Contemplation ladder. It is a single question scale that assesses the readiness to change. Smokers choose one of ten options that better describes their readiness to quit. Scores range from 0 to 10, where 0 means not motivated at all (“I like smoking and I do not consider quitting”) and 10 totally motivated (“I have already quit and I am not going to smoke again”). The scale is validated and used in a Brazilian quitline service (Terra et al., 2009).

Fagerström Test of Nicotine Dependence (FTND). FTND assesses nicotine dependence (Heatherton, Kozlowski, Frecker, & Fagerström, 1991). This is a six-item questionnaire widely recommended in clinical guidelines (US Department of Health and Human Services, 2008) and also research studies. Scores range from 0 to 10; scores of 2, 4, 5, 7, 10 represents cut-points of very low, low, moderate, high, and very high nicotine dependence, respectively. The scale is validated in Brazilian samples (De Meneses-Gaya et al., 2009).

Alcohol Use Disorders Identification Test Consumption (AUDIT-C). AUDIT-C screens alcohol use disorders or hazardous drinking and was developed by the World Health Organization. It is a three-item questionnaire, scored in a scale of 0-12, where values higher than 4 in men or 3 in women are considered positive. Generally, higher scores mean higher odds that alcohol is affecting user’s health and safety. The test is validated in Brazil (De Meneses-Gaya et al., 2010).


Participants were recruited from different sources: social media (Facebook Ads), Google Ads, email, and news published on the internet. Recruitment strategies were primarily aimed to enroll new users in the web-based intervention “Viva sem Tabaco”. “Viva sem Tabaco” is an open-source web-based intervention for smoking cessation, available in seven languages (Portuguese, Spanish, English, Russian, Arabic, Italian, and German); it is fully automated, and its content is based on guidelines for treating smokers (US Department of Health Services, 2008) and meta-analyses published by the “Cochrane Tobacco Addiction Group” (Cahill, Lancaster, & Green, 2010; Civljak et al., 2013; Hartmann-Boyce et al., 2013). The intervention content is structured in three major areas according to the user degree of motivation for change. More details on intervention development can be found in Gomide, Bernardino, Richter, Martins, and Ronzani (2016).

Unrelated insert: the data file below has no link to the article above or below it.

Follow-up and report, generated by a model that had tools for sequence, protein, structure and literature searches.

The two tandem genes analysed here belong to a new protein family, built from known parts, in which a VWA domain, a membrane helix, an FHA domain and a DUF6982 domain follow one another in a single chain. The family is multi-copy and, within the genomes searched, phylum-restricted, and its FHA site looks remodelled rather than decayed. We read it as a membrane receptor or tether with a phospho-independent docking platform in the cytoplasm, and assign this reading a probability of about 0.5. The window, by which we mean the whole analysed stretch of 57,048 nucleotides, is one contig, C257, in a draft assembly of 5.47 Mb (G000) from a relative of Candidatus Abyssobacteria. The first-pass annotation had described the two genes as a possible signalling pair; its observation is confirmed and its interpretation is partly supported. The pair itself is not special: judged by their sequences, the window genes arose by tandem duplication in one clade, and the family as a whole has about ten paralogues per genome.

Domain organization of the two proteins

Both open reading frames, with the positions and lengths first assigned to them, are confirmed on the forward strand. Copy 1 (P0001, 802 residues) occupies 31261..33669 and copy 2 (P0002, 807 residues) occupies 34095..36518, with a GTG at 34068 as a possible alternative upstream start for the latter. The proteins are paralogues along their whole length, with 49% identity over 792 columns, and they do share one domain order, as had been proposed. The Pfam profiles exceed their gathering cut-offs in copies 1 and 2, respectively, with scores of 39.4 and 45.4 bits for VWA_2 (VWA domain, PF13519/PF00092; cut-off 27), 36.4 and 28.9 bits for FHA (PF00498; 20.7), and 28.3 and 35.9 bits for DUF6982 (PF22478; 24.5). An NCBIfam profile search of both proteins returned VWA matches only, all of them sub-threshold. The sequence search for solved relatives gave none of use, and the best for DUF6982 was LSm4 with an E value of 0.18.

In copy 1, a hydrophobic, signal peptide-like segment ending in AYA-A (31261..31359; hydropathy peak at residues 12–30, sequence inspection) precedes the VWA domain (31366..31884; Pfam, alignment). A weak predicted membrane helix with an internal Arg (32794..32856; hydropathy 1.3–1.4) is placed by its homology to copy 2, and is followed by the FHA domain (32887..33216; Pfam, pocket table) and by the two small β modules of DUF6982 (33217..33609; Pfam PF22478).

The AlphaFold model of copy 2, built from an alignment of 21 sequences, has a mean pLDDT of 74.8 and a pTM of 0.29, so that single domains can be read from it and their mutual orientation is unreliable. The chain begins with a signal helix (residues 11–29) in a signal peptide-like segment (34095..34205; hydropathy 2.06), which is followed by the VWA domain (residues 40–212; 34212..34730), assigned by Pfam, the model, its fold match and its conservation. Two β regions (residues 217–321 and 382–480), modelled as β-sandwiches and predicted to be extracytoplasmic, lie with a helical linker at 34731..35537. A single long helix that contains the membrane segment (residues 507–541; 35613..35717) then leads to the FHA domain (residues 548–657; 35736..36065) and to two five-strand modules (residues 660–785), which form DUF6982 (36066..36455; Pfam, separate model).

Users were invited to enroll in the study after they filled the registration form. The consent form and the site policy were provided to the participants by means of links. The consent form was sent by e-mail to those who agreed to participate in the study. After consent, participants answered the following questionnaires: characterization of the subjects and smoking history, Patient Health Questionnaire (PHQ-2), Fagerstrom Test for Nicotine Dependence (FTND), Contemplation Ladder, and AUDIT-C. After that, participants could navigate the intervention content. Additionally, 345 (74.8%) out of 461 users filled the Patient Health Questionnaire (PHQ-9), available in one intervention page intervention about smoking and depression. Data collection with missing cases is depicted in Figure 1. The depression page suggests users that meet criteria for depression to seek professional help to quit smoking and acknowledges that depression reduces the odds of quitting.